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Hector the Panther Chameleon

Close up photo of Hector the Panther chameleon

Those of you who have been in to see us since November (2015) will have seen our lovely shop pet Hector. We’re often asked about him, so we thought we’d give him a blog entry all of his own.

Hector is an Ambilobe panther chameleon, which means that his forefathers came from a particular area of Madagascar – panthers from different parts of the island have different colours, and Ambilobes are particularly colourful. But Hector wasn’t born in Madagascar – he’s a british boy! He was born in September 2015, and will hopefully live for anything up to 10 years, although eight is more common.


He arrived with us from his breeder in November and initially lived out the back in one of the off show vivariums; sometimes young chameleons can suffer with stress after a move and we wanted him to be as happy as possible. Once he was settled, feeding and happy we moved him out to the big bioactive vivarium out in the shop itself.


We wanted him to have as much room to move and grow as possible. When he’s fully grown he will be quite a large lizard, and will need an extensivebaby panther chameleon for sale basking area – and as chameleons don’t like to be moved, it made sense to keep him in the home he will be living in as an adult. He needs room to bask, but also places to hide; the vivarium he lives in may seem large, but it will give him the space he needs to be comfortable for the rest of his life. Chameleons need space, and we thought that having Hector in such a prominent position in the shop will help to demonstrate that to anyone wanting to buy one. Some people recommend a terrarium half the size of Hectors. We don’t think that is acceptable, once you see Hector in his terrarium you will see why.

When we first put the environment together we used the sprayer system to keep the humidity high, but that had a tendency to flood the bottom of the tank; we subsequently added a fogger to keep the background humidity up at 70%, and that works very well indeed. Humidity and temperature are controlled by an Evo pro thermostat, although we do have an extra dimming thermostat that controls a ceramic heater for night time use – it can get quite chilly in the shop overnight in the winter.

Some chameleons like to drink quite a lot all at once, but Hector likes to take little drinks several times a day so turning the sprayer on for just a few seconds over the course of the day works very well for him.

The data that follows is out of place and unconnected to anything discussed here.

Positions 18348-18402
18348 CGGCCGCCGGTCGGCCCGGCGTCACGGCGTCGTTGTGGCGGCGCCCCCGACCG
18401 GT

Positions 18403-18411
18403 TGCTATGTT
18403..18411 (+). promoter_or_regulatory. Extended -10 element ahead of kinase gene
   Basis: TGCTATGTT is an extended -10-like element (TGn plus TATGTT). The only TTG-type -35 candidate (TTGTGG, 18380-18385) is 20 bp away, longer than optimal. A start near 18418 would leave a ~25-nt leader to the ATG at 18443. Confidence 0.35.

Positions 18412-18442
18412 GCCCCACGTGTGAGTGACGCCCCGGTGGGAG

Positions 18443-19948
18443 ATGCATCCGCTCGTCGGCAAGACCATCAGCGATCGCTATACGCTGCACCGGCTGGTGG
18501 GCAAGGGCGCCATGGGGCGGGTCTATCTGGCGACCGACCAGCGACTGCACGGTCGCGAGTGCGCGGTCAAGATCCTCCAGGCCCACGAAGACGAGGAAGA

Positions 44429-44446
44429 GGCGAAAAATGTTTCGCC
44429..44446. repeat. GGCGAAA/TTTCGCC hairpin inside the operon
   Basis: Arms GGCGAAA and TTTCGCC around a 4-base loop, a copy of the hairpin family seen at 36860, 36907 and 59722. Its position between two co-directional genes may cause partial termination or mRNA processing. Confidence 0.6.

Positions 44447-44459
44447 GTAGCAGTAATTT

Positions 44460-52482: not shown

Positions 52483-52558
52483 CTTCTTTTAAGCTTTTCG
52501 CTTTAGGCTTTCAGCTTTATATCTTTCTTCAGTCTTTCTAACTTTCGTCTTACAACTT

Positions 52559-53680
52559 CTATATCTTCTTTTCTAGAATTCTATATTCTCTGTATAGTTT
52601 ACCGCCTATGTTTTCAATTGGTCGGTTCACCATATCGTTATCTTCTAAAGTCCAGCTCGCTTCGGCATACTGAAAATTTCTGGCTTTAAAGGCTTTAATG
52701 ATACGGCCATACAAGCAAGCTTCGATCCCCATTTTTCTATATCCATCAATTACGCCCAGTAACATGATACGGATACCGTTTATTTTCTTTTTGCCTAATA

Hector and AmeliaHe appeared to adapt so well that we made a classic mistake and over-handled him. He went off his food for a while and seemed very unhappy, so we moved him out the back again where it is a little bit quieter and that really helped – he had a lovely quiet Christmas and was ready to start again in the New Year!


Since then he’s gone from strength to strength, and – as is very common with the species – he now knows that everyone is friendly and so wants to be out all the time. When he is out he’s quite happy to walk up your arm and makes a beeline for your head – the best place to perch and watch what’s going on!


What has been most satisfying is watching his personality develop. That’s not something we usually get to do; the new owner of any young animal we sell has that pleasure. But being part of Hector’s world as he’s grown has been great fun, although it’s hard to resist the sad face through the glass when he wants to come out!

Furcifer pardalis

We realised what amazing colour vision he has when he got terribly upset one weekend in May. The shop was full of people and suddenly Hector was at the front glass, all puffed up and a brilliant scarlet colour with turquoise bars, and black starburst markings on his face. We’d never seen anything quite like it, and wondered what on earth had set him off.


It turned out that a little girl who was watching his display was wearing a salmon pink t-shirt. The colour of it was a very close match to the colour of a mature female panther chameleon, and Hector was reacting to the colour rather than the shape.  

There’s obviously nothing wrong with his hormones – he was giving the full breeding display that a sexually mature male gives to attract a female!

He also has a very particular way he likes to be fed. Whilst he does enjoy being hand fed, he really likes it when you hold the bucket containing the locusts (the easiest way for us to dust them before feeding them to our animals is to put a handful or two in a bucket with a good pinch of calcium powder and give them a shake) close enough to him that he can step out and perch on the edge of the bucket. Then he can sit and look in, and pick the locust he wants to eat. This method works for us too; he’s quite happy to perch and have a leisurely dinner while we serve customers. It probably looks a little odd if you’ve never seen it before though!

The only thing that sometimes can be slightly problematic with him is that he can be a little bit too friendly. If he sees someone standing close to his house he tries to climb on them, and of course the glass is in the way. He doesn’t understand glass – very few reptiles do – so he just tries harder and harder to climb out, and sometimes people touch the glass to encourage him. He can become quite distressed sometimes so please don’t be offended if we ask you to step back – we want Hector to be as happy as possible, and have all his interactions with people to be positive and happy ones.

We’re very much looking forward to seeing him mature and fill out – and who knows, maybe one day we’ll find him a nice girlfriend, and see more baby Hectors in the shop!

Do you keep a Panther Chameleon?

What advice would you give to someone thinking of keeping one?

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